Friday, October 31, 2008

Cybercrime Group Use Trojan To Steal 500k Bank & Credit Card Logins

Researchers at RSA FraudAction Research Lab have recently discovered that, dating back as early as February 2006, the Sinowal Trojan, also known as Torpig and Mebroot, has compromised and stolen login credentials from approximately 300,000 online bank accounts as well as a similar number of credit and debit cards. Other information such as email, and FTP accounts from numerous websites, have also been compromised and stolen.

A posting today on the RSA FraudAction Research Lab Blog shares details of a three year investigation following the the Sinowal Trojan and its possible ties to a Russion organzied cybercrime group knows as the RBN.

"Sinowal has been the subject of rumor and speculation in the industry, and little is known about its source. Some have alleged that it was owned and operated by a Russian online gang with past ties to the infamous Russian Business Network (RBN). Our data confirms the Sinowal Trojan has had strong ties to the RBN in the past, but our research indicates that the current hosting facilities of Sinowal may have changed and are no longer connected to the RBN."

RSA's findings on how Sinowal operates

Like other Trojans, Sinowal uses an HTML injection feature that effectively injects new Web pages or information fields into the affected victim’s Internet browser – and these injections seem like legitimate pages to the victim. Just as an example, Sinowal can falsely prompt an unsuspecting victim for personal information such as a social security number and other details which their bank previously pledged to never request be provided online. Even though a prompt like this is not a novel approach to stealing credentials and other information – what struck us the most was the amount of URL "triggers" that cause Sinowal to actually launch this prompt and other functions: Sinowal is triggered by more than 2,700 specific URLs, which means that this Trojan quickly moves into action when users access the websites of what are now hundreds of financial institutions worldwide.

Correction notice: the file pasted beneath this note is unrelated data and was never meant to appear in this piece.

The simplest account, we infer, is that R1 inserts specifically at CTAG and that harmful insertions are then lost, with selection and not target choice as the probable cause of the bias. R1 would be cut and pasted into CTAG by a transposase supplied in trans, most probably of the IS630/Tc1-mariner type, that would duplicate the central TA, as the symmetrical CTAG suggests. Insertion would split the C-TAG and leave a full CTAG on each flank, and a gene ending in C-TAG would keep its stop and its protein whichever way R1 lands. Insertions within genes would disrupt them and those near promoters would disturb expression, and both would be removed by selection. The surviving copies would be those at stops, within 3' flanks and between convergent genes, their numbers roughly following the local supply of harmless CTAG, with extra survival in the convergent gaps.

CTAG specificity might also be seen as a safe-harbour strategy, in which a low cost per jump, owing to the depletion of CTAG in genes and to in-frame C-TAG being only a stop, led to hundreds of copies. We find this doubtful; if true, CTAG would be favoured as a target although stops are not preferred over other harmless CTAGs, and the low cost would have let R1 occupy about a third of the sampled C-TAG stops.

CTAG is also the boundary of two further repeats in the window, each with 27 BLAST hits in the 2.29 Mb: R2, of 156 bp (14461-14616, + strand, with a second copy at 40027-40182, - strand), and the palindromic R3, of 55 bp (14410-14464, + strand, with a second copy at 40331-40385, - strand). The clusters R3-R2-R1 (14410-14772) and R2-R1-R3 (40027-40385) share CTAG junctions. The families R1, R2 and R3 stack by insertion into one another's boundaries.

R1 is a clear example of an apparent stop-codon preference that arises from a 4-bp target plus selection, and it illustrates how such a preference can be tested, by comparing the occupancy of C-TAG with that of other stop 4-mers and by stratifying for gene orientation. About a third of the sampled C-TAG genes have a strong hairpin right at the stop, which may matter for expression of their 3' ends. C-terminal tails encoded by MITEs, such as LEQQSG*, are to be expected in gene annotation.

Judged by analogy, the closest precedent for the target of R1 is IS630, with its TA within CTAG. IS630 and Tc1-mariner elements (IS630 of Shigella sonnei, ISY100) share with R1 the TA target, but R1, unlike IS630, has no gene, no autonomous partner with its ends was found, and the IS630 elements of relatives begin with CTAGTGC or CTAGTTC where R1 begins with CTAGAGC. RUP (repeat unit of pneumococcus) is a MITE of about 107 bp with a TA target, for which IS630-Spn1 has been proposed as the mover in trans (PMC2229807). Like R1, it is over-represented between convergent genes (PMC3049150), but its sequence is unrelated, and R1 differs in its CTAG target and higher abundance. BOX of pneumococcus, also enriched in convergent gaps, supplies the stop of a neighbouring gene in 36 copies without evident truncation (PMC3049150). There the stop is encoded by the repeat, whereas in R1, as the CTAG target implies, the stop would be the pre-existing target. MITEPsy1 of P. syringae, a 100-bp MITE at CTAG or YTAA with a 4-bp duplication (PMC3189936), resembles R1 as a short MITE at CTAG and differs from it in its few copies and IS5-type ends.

Sean Brady, the product marketing manager for RSA's ID and access assurance group provided a few comments and a few more details in a PC World article.

"The sheer enormity of this makes this unique," said Brady. "And the scale is very unusual." All told, the gang behind Sinowal managed to obtain access to nearly half a million bank accounts and credit cards, a volume RSA dubbed "ruthless" and "extraordinary."

"And the fact that the Trojan was managed by one group through its history, and maintained for nearly three years is also very unusual," Brady said. RSA uncovered records that showed the Trojan had been in active operation since at least February 2006. "In malware life cycles, that's ancient, and to keep it up required a high degree of resources and effort."

The compromised data belongs to customers of hundreds of financial institutions within many regions of the world. RSA found affected financial institutions within North America (both the United States and Canada), Europe (United Kingdom, France, Spain, Germany, the Netherlands, Italy and others), Asia Pacific (Australia, China, Malaysia, and others) as well as some countries in Latin America. However, they note that they found that no Russian accounts were compromised by Sinowal.

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